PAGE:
ALAMOSA — Although there are currently no cloud seeding operations in the San Luis Valley, some folks believe this might be a good place for it.
Joe Busto, who oversees weather modification permits for the Colorado Water Conservation Board, gave the Rio Grande Roundtable group a crash course on cloud seeding during its Tuesday meeting. The Valley-wide water group funds many water related projects in the Rio Grande Basin from ditch repair to reservoir rehab. The group was not asked for funding at this time.
Busto said that another form of weather modification, hail cannons, previously operated in the San Luis Valley under a permit with Southern Colorado Farms, but the agricultural operation discontinued the practice.
Cloud seeding occurs all around the region from Texas to North Dakota, Busto stated.
Many of the cloud seeding operations in Colorado are associated with ski areas such as Vail, Crested Butte and Breckenridge, Busto explained. Others are connected to water districts. There are currently 110 machines in the state. He described the primary catalysts as either silver iodide, which is expensive but effective (and not harmful to the environment), or propane, which is cheaper.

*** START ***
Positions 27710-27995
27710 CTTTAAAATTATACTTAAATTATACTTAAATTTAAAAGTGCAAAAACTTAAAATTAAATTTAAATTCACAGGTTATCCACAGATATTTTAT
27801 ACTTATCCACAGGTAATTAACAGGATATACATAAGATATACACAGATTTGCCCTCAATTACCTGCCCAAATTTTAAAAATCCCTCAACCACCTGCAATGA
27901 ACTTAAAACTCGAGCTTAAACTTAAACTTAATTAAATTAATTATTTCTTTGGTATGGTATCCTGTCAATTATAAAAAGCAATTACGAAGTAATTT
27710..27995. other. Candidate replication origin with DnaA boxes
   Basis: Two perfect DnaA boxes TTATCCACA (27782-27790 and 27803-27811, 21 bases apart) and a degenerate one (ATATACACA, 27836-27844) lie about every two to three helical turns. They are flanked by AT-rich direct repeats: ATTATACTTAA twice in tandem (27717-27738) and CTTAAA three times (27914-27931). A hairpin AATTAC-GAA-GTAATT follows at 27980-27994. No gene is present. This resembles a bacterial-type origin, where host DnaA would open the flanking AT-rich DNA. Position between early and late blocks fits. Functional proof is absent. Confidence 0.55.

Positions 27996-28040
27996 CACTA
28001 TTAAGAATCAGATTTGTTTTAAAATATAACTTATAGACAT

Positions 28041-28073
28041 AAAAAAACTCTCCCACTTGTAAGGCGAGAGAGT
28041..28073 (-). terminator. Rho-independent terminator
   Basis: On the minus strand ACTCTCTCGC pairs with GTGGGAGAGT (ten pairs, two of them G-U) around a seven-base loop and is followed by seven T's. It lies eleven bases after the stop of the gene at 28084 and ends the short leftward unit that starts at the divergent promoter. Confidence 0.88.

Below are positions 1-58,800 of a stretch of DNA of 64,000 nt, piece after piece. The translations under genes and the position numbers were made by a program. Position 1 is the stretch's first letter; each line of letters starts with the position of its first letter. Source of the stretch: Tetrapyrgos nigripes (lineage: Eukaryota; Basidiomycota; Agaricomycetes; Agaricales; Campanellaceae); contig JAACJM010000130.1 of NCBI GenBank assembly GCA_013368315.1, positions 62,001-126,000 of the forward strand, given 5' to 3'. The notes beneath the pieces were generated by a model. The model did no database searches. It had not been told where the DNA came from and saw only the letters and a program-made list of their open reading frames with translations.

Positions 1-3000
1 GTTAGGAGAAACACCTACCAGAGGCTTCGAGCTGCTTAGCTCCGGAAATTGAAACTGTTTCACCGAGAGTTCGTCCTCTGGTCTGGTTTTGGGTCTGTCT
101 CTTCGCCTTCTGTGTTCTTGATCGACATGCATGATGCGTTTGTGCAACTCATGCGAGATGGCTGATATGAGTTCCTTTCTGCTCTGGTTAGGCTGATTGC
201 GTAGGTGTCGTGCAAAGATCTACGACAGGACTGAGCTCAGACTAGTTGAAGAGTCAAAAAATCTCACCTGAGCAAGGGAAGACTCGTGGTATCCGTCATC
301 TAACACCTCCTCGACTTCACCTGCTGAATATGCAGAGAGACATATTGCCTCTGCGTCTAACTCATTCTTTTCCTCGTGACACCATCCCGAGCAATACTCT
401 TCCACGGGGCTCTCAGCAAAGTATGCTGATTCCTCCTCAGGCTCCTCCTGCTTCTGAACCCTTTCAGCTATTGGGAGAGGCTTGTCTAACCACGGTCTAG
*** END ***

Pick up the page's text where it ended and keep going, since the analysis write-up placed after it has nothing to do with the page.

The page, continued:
Before setting up a machine, plume dispersion tests are conducted to determine how the winds are blowing and from what direction so the cloud seeding operation can be set up to provide the most good.
Operations are also the most effective when machines are set up at higher elevations, Busto explained.
Roundtable member Travis Smith asked, “Is the Rio Grande ready to start participating in a winter time cloud seeding program?”
Roundtable member Charlie Spielman said he saw this as a solution to the imbalance between water supply and demand.
“Cloud seeding is the best opportunity within our reach of making a real dent in that supply/demand gap,” he said.
He encouraged “getting a program going here … Let’s put something into this because I think this is our best chance.”
Busto said he believed a lean cloud seeding operation could be put in place for about $60,000 a year. He said he believed there could be many benefits to this area as well as downstream.